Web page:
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Heartbleed Bleeds Out 4.5 Million US Patients Information to Chinese Hackers

So unless you have been living under a rock for the last few days you may have heard that Community Health Systems were hacked by attacks originating from China, according to CHS, and the information stolen includes the following: Names, Addresses, Telephone Numbers, Date of Birth, and Social Security Numbers. CHS does not believe that the hackers were attempting to exploit the personal data, as the group they believe  is responsible has typically been after medical equipment data. CHS further noted that both credit card numbers and clinical data were left untouched during the attacks. More than 206 hospitals that span 29 states are now in the process of notifying patients who were part of the breach.

So how did this happen you might be wondering? According to security firm TrustedSec, the data was poached via the now world infamous Heartbleed vulnerability. Of course CHS hasn’t confirmed this yet and TrustedSec’s founder David Kennedy has stated he learned of the compromise method from 3 unnamed insiders who have chosen to remain anonymous.

For the Original Source and more information read the full Rueters article HERE

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Russian Hackers Amass Over a Billion Internet Passwords

Excerpt from the NYTIMES.COM’s article by Nicole Perlroth and David Gelles August 5, 2014
Click HERE to read the full Article.

A Russian crime ring has amassed the largest known collection of stolen Internet credentials, including 1.2 billion user name and password combinations and more than 500 million email addresses, security researchers say.

The records, discovered by Hold Security, a firm in Milwaukee, include confidential material gathered from 420,000 websites, including household names, and small Internet sites. Hold Security has a history of uncovering significant hacks, including the theft last year of tens of millions of records from Adobe Systems.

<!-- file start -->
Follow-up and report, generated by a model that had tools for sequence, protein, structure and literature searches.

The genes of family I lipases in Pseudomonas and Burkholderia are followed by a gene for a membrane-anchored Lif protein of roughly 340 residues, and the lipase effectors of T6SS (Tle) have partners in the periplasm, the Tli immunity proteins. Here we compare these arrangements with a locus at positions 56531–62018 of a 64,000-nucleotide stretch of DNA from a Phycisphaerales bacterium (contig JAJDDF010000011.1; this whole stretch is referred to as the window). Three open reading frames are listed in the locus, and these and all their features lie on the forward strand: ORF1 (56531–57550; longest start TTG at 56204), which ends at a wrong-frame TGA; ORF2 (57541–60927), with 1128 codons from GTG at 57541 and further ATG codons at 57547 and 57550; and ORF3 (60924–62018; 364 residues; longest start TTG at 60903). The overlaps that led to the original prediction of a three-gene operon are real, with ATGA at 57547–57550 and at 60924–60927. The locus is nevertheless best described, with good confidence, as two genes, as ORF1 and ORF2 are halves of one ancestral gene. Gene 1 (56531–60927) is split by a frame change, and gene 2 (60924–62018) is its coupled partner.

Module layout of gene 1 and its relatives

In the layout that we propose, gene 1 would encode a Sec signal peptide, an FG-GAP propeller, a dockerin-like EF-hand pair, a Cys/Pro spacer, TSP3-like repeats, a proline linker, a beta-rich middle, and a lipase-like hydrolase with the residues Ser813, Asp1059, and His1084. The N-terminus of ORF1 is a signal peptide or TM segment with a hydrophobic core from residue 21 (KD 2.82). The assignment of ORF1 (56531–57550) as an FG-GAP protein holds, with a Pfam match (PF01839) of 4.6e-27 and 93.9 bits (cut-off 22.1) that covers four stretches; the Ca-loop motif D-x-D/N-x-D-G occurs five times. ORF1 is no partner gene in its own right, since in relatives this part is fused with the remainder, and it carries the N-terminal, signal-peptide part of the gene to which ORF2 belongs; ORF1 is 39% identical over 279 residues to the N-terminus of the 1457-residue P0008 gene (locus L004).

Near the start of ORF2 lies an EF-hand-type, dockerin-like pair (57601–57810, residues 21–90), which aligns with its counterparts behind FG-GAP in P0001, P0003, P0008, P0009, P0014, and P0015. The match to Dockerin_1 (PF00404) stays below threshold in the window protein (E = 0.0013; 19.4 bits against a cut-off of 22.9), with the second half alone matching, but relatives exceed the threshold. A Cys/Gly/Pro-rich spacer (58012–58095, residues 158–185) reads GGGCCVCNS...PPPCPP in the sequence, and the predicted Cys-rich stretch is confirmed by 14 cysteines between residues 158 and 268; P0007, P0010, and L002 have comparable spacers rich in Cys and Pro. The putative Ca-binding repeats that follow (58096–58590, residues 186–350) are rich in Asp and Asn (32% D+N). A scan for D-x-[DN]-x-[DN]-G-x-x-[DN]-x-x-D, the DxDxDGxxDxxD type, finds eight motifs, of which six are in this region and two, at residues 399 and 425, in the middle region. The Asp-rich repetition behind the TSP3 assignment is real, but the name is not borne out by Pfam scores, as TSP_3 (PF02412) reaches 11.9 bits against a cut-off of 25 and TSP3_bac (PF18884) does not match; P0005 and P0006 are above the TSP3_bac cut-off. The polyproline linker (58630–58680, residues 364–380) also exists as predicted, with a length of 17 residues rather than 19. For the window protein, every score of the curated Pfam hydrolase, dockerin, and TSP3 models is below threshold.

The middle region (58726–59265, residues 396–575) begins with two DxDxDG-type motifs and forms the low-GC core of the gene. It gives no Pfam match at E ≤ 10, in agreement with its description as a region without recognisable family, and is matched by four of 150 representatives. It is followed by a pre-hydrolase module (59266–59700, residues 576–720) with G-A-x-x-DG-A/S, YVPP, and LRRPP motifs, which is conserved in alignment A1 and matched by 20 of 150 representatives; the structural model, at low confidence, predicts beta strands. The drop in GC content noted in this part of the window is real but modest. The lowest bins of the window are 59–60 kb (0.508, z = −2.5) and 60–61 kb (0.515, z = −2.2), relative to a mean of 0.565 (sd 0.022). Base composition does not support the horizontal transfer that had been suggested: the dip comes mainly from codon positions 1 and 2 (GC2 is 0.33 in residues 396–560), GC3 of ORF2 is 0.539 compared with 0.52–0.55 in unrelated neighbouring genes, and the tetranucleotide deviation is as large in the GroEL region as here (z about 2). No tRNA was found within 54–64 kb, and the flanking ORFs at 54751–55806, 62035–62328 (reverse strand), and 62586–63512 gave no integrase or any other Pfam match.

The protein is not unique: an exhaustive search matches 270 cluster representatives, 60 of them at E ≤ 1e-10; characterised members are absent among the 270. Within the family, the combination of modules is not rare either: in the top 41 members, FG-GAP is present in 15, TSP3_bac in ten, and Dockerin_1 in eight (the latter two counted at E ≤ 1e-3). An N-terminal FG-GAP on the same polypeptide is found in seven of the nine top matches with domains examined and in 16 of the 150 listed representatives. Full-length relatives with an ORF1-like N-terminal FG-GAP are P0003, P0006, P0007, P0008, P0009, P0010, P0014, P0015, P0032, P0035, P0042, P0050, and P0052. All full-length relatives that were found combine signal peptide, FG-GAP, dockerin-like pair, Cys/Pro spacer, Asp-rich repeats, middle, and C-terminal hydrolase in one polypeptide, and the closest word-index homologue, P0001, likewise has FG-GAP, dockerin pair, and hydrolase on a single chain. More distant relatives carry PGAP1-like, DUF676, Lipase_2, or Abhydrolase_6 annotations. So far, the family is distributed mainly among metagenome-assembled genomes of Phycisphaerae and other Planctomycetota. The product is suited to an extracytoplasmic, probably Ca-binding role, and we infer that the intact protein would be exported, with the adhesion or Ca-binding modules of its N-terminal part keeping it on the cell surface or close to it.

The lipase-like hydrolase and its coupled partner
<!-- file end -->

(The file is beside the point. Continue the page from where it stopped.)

Hold Security would not name the victims, citing nondisclosure agreements and a reluctance to name companies whose sites remained vulnerable. At the request of The New York Times, a security expert not affiliated with Hold Security analyzed the database of stolen credentials and confirmed it was authentic. Another computer crime expert who had reviewed the data, but was not allowed to discuss it publicly, said some big companies were aware that their records were among the stolen information.

Hackers did not just target U.S. companies, they targeted any website they could get, ranging from Fortune 500 companies to very small websites,” said Alex Holden, the founder and chief information security officer of Hold Security. “And most of these sites are still vulnerable.”

 

USB Ports Could Compromise Your Computer

You may want to think twice before sharing those flash drives with someone. New research shows the USB port on your computer can be directly used to steal your information or infect your computer. The news comes to us from a team of German researchers who found that anything connected via USB can be reprogrammed to do real damage to your data. What kind of damage? Let’s say you use someone’s else’s flash drive and plug it in to your USB port. It can be used to take control of your laptop. It can also pose as a network card, and reroute your Internet use so someone can spy on what you are doing. That opens you up to identity theft, bank fraud and extortion. The researchers from S.R. Labs in Germany discovered the problem and say it can also happen if someone charges their Android device using your computer’s USB port. So for now, you might want to go against the advice we tell all our kids; no sharing, at least when it comes to flash drives and smartphone charging on your computer.

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Moneypak Strikes Again

Moneypak Strikes Again! Android Users Impacted.

Recently the Moneypak malware made the jump from Microsoft Windows to Google’s Android operating system. Unlike Windows that have an abundance of Apps designed to removed this common nuisance there aren’t as many for Android as this is a fresh market for hackers to wreak havoc on.

So what can you do? Well first and foremost shut your tablet off and get yourself into a technician to have a look. In some cases you may be looking at a complete wipe and reload of your Android device, in other cases you may not be so unfortunate. If you haven’t gotten it yet be sure to take precautionary measure like backing up your data, syncing your pictures/music/videos to the cloud, and avoid websites you haven’t been to before.

Once you are infected there may be no going back but don’t let it get to you, it happens to the best of us. Again the best thing you can do for yourself is get your device into a virus removal specialist and see what they can do for you. Keep your eyes peeled as time goes on it’s only going to get worse.